But what of the Hindu Pandits who were driven out of their own homes in the Kashmir valley in 1989? Shouldn’t the liberal Left’s support extend to them too? Article 370 gave autonomy to Kashmir and allowed it to have its own constitution. Article 35A narrowed the definition of ‘permanent residents’, and it inadvertently covered a Muslim majority; that landslide majority was achieved with the help of the mosque and the Jihadi groups that unleashed a pogrom that drove the Kashmiri Pandits out of Kashmir.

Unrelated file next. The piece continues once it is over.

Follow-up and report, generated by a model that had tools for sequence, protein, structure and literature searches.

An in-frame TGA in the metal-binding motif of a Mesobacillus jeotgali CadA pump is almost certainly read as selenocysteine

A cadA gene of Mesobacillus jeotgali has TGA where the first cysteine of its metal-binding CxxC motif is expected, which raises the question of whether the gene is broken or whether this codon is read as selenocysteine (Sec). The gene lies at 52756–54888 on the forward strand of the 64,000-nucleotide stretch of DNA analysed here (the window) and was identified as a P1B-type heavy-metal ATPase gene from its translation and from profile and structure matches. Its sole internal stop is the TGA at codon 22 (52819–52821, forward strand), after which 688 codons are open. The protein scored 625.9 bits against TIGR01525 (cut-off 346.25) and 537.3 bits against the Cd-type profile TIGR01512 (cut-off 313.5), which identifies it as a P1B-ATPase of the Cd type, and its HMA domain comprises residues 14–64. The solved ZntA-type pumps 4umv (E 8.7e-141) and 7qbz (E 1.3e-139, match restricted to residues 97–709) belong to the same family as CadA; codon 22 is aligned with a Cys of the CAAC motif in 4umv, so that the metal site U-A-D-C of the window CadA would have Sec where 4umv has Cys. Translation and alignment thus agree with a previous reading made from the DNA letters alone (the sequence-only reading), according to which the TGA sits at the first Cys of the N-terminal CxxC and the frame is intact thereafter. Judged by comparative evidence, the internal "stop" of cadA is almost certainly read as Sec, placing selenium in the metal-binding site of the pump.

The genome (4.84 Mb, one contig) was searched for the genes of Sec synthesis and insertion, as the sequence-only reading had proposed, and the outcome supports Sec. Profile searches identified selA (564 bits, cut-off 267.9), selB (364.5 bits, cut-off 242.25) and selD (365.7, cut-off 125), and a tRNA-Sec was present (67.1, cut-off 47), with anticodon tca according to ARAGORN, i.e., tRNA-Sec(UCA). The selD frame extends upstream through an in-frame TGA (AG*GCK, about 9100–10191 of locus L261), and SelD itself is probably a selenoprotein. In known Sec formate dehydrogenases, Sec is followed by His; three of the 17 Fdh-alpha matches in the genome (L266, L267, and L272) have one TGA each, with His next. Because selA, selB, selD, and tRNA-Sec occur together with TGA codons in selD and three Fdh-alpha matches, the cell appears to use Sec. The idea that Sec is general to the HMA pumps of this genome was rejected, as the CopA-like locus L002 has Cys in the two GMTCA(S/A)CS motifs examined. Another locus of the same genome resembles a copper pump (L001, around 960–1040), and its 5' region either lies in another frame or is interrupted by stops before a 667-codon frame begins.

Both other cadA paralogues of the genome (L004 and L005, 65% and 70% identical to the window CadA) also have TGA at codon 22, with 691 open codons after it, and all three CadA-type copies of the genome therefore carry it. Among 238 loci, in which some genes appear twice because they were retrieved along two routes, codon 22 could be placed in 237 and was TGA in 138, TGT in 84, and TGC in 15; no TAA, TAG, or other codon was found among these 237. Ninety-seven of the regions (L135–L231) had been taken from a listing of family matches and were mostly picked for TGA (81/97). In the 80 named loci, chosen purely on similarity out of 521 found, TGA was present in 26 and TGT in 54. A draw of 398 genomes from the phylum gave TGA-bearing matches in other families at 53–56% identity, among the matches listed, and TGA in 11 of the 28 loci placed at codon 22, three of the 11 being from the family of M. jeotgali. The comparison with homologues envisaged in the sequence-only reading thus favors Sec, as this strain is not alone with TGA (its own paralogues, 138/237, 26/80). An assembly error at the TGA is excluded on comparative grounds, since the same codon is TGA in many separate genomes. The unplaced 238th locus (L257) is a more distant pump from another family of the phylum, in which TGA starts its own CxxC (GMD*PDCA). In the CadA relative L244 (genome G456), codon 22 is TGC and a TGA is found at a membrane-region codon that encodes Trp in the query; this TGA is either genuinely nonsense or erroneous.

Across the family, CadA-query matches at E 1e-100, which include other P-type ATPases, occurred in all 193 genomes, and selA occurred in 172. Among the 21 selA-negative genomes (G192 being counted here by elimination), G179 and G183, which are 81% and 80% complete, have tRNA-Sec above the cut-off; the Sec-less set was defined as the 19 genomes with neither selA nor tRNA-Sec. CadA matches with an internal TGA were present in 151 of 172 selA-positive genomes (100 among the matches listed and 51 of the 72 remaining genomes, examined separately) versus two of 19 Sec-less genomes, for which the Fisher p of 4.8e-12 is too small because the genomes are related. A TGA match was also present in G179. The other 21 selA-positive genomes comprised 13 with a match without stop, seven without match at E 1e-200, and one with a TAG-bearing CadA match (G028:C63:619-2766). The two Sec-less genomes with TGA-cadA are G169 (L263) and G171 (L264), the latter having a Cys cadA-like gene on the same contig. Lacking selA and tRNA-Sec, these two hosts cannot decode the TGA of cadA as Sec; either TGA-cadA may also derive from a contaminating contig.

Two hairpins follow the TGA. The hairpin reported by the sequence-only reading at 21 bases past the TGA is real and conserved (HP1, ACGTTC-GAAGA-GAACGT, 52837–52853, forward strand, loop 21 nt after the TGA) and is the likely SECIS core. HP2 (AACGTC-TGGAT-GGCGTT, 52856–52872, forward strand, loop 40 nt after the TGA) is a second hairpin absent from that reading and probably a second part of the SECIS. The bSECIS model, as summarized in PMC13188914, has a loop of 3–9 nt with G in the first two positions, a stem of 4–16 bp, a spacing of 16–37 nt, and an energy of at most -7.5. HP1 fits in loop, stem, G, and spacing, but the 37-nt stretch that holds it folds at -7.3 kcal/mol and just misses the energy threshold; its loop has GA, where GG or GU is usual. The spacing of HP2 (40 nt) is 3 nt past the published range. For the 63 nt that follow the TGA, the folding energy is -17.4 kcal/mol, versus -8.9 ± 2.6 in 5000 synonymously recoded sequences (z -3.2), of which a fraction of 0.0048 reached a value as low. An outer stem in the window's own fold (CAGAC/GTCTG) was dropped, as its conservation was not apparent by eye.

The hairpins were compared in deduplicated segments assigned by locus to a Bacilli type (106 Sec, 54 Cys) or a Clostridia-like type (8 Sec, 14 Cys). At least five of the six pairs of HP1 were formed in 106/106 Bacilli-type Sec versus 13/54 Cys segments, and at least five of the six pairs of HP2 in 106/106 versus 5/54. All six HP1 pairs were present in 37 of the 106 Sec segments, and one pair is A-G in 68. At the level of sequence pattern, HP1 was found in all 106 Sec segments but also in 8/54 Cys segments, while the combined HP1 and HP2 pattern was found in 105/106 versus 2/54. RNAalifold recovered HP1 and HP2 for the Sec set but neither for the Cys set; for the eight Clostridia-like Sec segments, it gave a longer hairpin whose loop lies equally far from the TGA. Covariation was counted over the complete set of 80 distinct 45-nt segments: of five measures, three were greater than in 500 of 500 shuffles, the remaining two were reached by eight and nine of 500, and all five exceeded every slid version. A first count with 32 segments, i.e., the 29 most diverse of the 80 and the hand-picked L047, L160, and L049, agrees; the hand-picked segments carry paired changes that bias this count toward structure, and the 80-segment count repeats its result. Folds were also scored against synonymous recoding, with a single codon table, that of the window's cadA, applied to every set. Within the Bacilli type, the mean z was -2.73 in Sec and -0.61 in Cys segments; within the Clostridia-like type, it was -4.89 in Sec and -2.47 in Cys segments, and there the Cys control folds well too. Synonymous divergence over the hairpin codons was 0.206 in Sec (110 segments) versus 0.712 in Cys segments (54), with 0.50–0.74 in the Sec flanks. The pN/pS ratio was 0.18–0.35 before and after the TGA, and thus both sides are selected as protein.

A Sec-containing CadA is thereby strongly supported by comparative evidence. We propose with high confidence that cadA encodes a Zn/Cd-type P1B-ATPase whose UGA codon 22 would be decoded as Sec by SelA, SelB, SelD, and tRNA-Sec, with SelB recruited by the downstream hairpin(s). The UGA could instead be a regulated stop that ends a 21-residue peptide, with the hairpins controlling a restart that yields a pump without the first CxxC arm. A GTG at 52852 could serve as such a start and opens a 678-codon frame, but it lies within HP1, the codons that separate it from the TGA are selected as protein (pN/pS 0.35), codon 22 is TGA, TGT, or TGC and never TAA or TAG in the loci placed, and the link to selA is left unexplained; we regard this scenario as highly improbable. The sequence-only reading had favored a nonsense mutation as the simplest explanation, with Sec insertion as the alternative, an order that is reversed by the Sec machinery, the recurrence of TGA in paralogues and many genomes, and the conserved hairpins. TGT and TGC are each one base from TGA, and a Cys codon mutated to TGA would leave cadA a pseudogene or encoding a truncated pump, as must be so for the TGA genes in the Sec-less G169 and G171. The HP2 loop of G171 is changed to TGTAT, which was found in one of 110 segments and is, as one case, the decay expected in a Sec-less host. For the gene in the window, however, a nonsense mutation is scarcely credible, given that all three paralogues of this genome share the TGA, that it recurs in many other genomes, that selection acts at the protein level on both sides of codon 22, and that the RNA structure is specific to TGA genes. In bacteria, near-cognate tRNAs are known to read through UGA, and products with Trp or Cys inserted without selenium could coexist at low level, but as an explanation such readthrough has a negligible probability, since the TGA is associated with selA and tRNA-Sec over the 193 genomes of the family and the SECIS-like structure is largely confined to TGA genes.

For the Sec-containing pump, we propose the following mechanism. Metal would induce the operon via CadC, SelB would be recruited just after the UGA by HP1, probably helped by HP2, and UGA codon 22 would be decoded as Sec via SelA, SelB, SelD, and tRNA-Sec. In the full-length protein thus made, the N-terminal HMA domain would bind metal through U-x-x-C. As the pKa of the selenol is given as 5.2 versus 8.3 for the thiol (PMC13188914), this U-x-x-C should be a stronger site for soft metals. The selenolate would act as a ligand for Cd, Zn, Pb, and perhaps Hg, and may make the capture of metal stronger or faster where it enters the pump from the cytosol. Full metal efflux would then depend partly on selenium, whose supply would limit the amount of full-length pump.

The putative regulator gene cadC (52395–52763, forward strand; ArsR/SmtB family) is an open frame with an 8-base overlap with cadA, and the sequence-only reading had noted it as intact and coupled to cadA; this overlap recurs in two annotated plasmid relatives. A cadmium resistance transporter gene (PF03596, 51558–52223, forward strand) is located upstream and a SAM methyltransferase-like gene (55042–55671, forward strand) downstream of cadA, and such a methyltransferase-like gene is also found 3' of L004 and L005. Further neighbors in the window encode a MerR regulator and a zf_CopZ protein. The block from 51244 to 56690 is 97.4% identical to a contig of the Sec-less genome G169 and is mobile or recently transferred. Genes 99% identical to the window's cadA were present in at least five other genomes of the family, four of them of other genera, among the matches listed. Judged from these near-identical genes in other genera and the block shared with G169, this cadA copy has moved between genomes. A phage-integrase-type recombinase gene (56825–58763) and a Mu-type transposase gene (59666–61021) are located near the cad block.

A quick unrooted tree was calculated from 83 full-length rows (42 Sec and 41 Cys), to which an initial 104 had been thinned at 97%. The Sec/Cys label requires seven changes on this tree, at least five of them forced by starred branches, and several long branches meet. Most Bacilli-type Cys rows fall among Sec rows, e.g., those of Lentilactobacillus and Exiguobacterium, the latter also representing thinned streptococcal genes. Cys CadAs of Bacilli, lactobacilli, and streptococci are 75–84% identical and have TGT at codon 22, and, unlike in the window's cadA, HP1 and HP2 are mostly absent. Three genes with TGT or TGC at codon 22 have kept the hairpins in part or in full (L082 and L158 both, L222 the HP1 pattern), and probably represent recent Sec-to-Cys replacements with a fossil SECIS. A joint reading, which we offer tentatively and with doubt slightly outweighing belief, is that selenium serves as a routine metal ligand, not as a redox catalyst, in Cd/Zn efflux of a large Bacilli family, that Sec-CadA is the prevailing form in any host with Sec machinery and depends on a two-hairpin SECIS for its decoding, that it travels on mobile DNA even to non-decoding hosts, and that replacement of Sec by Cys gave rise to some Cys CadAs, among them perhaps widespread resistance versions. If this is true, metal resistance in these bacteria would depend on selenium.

Part of the problem with CAA and Article 370 is that the liberal voices of India and the artistic ‘elite’ have opposed it. Regardless of their culture, the art world has always crossed borders with greater ease than the common man. In contrast, the less glamorous world of cross border communication identifies with culture as a basic building block of their society. The artistic ‘elite’ all over the world have no real need to cling to their culture, but in fact, they have more to gain by embracing the globalised world for profits. The legendary singer, Sting, can cash in on his ‘Englishness’ only to a certain extent, but his real value lies in crossing thresholds, and defending values that have little to do with ‘Englishness’. The same goes for Bollywood film stars who need to sell films to Bangladesh, Pakistan and the Middle East. Highlighting a Hindu identity is not going to take them too far; that explains why top producers and actors have made films to downplay the threat of political Islam. Some of these were hugely successful and helped build the narrative that Islam was all about peace and love. When it comes to terrorism, the vast majority of Bollywood filmmakers and stars maintain that it has nothing to do with Islam, and they often paint the Muslims as victims.